Effects of supplemental calcium gluconate embedded in a hydrogenated fat matrix on lactation, digestive, and metabolic variables in dairy cattle

Open Access
RESEARCH| VOLUME 104, ISSUE 7, P7845-7855, JULY 01, 2021

J. Martín-Tereso, J. Doelman, M. V. Sanz-Fernandez, J. B. Daniel

by D. J. Seymour on 13/04/2021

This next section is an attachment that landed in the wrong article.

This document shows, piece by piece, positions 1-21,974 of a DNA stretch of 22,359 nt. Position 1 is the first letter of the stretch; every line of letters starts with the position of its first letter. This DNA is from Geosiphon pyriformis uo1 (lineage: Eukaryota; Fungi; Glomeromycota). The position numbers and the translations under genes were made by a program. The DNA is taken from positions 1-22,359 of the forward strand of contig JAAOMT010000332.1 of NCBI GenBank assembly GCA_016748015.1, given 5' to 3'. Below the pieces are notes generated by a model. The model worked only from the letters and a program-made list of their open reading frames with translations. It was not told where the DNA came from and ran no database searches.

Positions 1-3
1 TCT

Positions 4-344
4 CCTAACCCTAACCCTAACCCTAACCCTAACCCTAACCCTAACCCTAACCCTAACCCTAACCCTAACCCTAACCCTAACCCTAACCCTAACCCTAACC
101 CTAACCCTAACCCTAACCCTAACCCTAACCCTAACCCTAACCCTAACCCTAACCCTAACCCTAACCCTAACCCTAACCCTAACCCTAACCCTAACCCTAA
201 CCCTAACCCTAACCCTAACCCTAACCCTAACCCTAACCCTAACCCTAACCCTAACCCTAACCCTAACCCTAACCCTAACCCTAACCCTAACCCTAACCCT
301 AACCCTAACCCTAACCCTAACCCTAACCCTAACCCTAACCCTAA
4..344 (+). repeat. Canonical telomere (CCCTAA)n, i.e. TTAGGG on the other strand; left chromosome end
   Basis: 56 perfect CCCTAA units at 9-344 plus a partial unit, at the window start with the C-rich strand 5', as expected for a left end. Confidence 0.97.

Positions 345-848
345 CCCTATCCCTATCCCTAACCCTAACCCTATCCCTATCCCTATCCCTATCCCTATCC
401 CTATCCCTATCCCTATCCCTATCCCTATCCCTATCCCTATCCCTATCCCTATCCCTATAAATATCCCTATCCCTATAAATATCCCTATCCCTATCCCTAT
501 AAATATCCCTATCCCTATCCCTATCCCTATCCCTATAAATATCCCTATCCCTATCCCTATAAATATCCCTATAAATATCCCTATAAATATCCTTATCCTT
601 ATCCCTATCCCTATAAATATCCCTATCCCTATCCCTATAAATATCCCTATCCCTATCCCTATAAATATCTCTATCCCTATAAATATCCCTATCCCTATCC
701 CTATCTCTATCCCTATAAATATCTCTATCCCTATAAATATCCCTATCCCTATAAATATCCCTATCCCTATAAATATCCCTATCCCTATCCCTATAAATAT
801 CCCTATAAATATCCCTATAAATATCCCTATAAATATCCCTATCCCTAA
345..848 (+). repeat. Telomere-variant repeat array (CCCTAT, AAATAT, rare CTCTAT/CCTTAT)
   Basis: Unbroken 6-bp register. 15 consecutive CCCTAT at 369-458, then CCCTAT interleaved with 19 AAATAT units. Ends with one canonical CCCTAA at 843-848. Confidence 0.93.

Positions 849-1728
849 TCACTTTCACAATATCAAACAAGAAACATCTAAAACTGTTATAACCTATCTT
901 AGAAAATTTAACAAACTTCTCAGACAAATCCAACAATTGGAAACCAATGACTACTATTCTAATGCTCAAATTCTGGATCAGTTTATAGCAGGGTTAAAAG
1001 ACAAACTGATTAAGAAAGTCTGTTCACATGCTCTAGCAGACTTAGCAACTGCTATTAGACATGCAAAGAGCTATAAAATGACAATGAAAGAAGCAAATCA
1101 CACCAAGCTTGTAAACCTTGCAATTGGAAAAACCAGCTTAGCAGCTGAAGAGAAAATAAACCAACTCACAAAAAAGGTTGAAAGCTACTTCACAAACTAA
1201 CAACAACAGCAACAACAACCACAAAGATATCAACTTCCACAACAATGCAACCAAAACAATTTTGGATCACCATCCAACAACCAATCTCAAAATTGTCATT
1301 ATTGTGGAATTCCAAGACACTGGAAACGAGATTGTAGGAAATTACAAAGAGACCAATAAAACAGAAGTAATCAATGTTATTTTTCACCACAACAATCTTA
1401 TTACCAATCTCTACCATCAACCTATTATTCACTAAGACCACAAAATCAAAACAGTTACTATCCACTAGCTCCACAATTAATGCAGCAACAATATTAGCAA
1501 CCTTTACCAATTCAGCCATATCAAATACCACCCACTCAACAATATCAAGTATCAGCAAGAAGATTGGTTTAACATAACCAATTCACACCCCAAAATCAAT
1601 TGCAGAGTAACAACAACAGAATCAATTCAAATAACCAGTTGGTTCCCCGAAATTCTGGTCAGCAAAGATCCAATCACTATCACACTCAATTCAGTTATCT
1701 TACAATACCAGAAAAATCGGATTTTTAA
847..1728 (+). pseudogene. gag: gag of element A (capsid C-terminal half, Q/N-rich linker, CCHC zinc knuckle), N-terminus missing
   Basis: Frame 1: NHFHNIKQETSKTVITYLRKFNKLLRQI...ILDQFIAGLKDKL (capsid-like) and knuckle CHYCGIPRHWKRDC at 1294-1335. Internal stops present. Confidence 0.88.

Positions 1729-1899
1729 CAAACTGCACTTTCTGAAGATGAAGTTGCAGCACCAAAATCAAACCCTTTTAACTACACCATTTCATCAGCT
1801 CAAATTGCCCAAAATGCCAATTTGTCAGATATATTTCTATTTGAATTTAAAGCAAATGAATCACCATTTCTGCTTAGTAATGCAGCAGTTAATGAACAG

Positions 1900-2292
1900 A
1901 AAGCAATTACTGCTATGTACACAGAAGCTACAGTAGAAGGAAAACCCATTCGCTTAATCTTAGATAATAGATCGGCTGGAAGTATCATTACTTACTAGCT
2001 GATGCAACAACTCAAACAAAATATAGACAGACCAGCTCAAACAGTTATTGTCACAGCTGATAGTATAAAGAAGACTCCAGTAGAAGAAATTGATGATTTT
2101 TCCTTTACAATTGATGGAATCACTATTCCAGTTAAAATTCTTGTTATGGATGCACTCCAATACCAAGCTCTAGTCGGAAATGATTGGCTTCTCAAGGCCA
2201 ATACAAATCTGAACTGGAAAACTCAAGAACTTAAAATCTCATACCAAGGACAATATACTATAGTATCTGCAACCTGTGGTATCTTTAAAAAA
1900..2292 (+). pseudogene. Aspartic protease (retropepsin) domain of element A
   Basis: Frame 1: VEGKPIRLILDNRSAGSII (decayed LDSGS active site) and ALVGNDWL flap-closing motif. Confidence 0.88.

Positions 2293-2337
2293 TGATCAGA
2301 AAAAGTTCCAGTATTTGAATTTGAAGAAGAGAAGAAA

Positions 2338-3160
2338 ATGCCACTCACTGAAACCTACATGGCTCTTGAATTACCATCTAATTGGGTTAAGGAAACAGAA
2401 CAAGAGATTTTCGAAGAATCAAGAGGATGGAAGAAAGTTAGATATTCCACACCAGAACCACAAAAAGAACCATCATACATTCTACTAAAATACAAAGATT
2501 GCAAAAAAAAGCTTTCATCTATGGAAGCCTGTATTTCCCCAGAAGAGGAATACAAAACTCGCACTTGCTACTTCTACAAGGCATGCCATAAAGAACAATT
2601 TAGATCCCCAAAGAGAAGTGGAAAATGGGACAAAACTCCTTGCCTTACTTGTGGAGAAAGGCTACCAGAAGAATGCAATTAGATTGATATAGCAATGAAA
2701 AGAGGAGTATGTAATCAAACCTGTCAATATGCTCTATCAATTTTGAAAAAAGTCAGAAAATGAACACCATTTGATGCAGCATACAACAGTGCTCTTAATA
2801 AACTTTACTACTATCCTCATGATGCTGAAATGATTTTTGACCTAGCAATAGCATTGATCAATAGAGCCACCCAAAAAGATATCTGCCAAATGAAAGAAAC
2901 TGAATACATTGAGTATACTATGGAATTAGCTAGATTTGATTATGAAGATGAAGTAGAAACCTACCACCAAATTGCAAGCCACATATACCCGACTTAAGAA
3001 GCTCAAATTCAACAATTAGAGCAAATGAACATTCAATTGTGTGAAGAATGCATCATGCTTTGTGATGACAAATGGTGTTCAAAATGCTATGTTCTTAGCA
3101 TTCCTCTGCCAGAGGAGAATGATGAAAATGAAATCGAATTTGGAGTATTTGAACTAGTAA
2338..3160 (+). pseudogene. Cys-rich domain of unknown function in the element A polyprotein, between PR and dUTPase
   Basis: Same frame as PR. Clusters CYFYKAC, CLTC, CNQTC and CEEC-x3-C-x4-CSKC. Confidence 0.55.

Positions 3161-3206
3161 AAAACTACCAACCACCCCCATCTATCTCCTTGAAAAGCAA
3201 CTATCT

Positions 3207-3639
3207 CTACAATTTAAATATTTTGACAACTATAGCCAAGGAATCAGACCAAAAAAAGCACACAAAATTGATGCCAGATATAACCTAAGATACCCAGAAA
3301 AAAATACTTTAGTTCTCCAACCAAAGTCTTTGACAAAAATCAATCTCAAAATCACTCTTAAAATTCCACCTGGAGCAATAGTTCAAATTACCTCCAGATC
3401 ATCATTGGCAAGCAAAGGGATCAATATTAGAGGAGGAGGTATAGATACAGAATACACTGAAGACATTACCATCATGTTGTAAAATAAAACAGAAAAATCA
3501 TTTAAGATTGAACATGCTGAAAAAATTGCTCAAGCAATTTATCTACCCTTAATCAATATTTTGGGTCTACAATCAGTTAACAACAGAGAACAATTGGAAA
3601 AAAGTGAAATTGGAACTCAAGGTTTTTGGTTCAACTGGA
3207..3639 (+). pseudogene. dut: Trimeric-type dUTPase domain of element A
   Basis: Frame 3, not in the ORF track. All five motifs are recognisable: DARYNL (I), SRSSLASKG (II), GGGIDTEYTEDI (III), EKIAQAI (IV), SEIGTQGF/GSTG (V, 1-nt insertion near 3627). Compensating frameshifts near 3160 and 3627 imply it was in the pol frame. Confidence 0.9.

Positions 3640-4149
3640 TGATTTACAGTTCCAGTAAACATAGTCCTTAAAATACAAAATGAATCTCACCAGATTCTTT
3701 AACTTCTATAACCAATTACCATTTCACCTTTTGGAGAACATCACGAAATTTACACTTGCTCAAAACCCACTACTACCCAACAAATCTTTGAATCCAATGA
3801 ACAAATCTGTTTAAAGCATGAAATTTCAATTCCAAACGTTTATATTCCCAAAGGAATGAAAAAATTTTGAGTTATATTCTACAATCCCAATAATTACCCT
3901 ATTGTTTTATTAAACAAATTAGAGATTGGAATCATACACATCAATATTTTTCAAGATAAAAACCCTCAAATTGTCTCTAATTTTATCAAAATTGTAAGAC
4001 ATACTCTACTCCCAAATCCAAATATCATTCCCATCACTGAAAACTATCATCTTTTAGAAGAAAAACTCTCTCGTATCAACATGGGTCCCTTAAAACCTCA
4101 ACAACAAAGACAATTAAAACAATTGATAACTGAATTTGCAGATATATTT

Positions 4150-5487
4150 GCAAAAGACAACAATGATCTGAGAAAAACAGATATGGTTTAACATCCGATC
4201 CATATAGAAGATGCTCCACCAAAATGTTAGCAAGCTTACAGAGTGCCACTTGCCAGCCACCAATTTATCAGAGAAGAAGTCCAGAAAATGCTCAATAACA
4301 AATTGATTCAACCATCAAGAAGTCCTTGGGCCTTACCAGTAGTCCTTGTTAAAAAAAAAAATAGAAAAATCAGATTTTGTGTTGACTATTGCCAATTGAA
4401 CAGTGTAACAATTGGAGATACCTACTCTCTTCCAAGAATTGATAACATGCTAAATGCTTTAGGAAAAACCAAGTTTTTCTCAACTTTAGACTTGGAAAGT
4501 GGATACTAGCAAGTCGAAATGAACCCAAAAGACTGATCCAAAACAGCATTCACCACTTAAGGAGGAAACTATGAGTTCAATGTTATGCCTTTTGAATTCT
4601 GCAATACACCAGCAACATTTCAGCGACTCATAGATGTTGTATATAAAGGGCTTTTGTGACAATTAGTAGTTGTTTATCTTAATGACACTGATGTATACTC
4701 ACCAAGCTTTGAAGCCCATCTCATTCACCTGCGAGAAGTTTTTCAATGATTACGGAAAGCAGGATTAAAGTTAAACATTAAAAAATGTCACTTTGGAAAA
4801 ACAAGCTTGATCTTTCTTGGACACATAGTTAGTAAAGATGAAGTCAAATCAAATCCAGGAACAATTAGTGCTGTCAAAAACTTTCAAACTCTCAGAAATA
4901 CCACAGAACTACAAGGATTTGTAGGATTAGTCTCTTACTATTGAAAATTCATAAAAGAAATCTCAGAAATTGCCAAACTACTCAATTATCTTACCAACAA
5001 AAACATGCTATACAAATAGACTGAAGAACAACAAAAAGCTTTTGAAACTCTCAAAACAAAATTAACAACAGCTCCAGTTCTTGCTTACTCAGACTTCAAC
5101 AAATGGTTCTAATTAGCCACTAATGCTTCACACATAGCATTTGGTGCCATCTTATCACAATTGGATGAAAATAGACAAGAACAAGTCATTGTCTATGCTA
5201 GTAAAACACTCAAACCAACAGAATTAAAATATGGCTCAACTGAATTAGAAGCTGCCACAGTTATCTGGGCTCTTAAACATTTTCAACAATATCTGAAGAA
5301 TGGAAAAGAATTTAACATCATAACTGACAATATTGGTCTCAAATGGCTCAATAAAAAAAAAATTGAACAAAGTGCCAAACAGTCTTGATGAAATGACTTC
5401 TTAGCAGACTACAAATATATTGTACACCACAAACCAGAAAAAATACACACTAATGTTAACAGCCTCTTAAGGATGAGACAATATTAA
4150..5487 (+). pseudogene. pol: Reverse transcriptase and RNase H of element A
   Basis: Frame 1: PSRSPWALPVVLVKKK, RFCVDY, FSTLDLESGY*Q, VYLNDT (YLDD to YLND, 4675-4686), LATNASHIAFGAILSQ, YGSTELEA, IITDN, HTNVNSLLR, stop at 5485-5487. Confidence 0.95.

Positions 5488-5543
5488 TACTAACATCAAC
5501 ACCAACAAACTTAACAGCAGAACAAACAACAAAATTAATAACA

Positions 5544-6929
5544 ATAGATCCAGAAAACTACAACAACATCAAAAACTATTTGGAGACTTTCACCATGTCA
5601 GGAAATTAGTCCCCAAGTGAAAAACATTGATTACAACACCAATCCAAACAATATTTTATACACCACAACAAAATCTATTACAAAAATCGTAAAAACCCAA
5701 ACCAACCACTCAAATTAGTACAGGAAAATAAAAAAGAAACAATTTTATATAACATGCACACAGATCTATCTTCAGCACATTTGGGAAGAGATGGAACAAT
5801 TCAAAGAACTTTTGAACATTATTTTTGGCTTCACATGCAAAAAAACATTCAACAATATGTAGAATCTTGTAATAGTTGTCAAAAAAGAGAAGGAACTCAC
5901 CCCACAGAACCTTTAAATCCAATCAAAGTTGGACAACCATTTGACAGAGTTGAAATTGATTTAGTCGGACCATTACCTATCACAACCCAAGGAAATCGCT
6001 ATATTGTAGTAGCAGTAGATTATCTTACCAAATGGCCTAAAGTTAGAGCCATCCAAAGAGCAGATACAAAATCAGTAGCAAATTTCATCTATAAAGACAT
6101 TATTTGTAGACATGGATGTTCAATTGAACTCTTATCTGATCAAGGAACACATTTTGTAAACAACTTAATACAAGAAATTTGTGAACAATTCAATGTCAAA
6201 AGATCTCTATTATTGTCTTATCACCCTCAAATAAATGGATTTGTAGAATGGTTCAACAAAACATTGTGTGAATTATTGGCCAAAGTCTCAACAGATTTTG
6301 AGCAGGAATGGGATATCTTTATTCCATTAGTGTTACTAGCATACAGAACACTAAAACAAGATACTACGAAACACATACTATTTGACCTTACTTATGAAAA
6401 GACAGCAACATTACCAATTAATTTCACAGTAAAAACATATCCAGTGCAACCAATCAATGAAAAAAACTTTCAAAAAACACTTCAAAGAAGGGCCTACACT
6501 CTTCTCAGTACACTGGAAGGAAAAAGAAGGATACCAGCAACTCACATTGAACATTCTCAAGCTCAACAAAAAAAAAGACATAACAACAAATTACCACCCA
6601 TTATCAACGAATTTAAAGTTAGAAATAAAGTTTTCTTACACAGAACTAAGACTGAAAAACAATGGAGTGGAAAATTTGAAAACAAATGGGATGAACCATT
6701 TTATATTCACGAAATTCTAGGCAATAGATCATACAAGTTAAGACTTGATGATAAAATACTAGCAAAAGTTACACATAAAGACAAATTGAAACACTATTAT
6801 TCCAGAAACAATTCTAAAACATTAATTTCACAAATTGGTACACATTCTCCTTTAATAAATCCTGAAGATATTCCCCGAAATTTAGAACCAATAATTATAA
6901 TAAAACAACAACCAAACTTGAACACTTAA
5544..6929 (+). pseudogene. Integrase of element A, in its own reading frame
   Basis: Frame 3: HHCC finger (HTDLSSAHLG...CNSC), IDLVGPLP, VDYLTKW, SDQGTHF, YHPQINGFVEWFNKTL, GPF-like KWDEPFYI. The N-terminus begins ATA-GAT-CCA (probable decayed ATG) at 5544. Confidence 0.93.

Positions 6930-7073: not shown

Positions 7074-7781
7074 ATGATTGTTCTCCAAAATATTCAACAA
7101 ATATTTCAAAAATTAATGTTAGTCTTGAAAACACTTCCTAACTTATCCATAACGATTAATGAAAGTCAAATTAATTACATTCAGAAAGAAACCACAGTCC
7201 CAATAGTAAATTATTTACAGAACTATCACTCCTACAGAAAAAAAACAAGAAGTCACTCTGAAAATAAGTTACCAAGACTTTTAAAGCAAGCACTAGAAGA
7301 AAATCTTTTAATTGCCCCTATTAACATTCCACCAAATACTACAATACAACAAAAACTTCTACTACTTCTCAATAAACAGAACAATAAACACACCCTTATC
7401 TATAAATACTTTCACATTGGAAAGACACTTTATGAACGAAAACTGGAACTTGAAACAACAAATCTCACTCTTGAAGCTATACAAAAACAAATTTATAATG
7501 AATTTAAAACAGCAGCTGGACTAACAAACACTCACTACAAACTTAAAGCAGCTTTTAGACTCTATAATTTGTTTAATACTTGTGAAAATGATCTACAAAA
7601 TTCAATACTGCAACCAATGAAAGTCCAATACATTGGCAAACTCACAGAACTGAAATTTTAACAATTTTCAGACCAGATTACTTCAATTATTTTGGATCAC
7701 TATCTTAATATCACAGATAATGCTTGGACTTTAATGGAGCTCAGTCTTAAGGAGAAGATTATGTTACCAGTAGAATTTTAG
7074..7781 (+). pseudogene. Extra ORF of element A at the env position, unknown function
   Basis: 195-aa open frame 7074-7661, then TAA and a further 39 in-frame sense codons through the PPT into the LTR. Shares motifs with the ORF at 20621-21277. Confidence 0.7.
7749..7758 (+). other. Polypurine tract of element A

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There is growing evidence suggesting that by improving gut integrity and function, less energy is partitioned toward immune responses related to xenobiotic infiltration, sparing energy for productive purposes. Gluconic acid and its salts have previously shown prebiotic effects in the lower gut of nonruminant animals, where they serve as a precursor for butyrate, although evidence in ruminants is limited. Butyrate and its fermentative precursors have demonstrated multiple beneficial effects to gastrointestinal ecology, morphology, and function, such as the stimulation of epithelial cell proliferation and improvement of gut barrier function and ecology. The objective of this study was to evaluate changes in milk production, milk fatty acid composition, and fecal and blood parameters in lactating dairy cattle fed a hydrogenated fat-embedded calcium gluconate (HFCG) supplement designed to target the hindgut for calcium gluconate delivery. In addition, the effects of a compound feed processing method (i.e., incorporated into a mash or an extruded pellet) were tested to evaluate the effect of extrusion on product efficacy. Forty-five lactating Holstein cows at approximately 165 d in milk were used in a 3 × 3 Latin square consisting of three 28-d periods, during which animals were offered a basal ration mixed with 3 different compound feeds: a negative control in mash form containing no HFCG, or the HFCG supplement fed at a target rate of 16 g/d, delivered in either a mash or pelleted form. Supplementation of HFCG tended to increase yields of milk fat and fat- and energy-corrected milk. Total yields and concentrations of milk fatty acids ≥18 carbons in length tended to increase in response to HFCG. Plasma nonesterified fatty acids and milk urea increased in HFCG treatments. No differences were observed in fecal pH or fecal concentrations of volatile fatty acids, with the exception of isobutyrate, which decreased in HFCG-fed cows. Changes in milk fatty acid profile suggest that increased milk fat yield was driven by increased incorporation of preformed fatty acids, supported by increased circulating nonesterified fatty acid. Future research investigating the mode of action of HFCG at the level of the hindgut epithelium is warranted, as measured fecal parameters showed no response to treatment.

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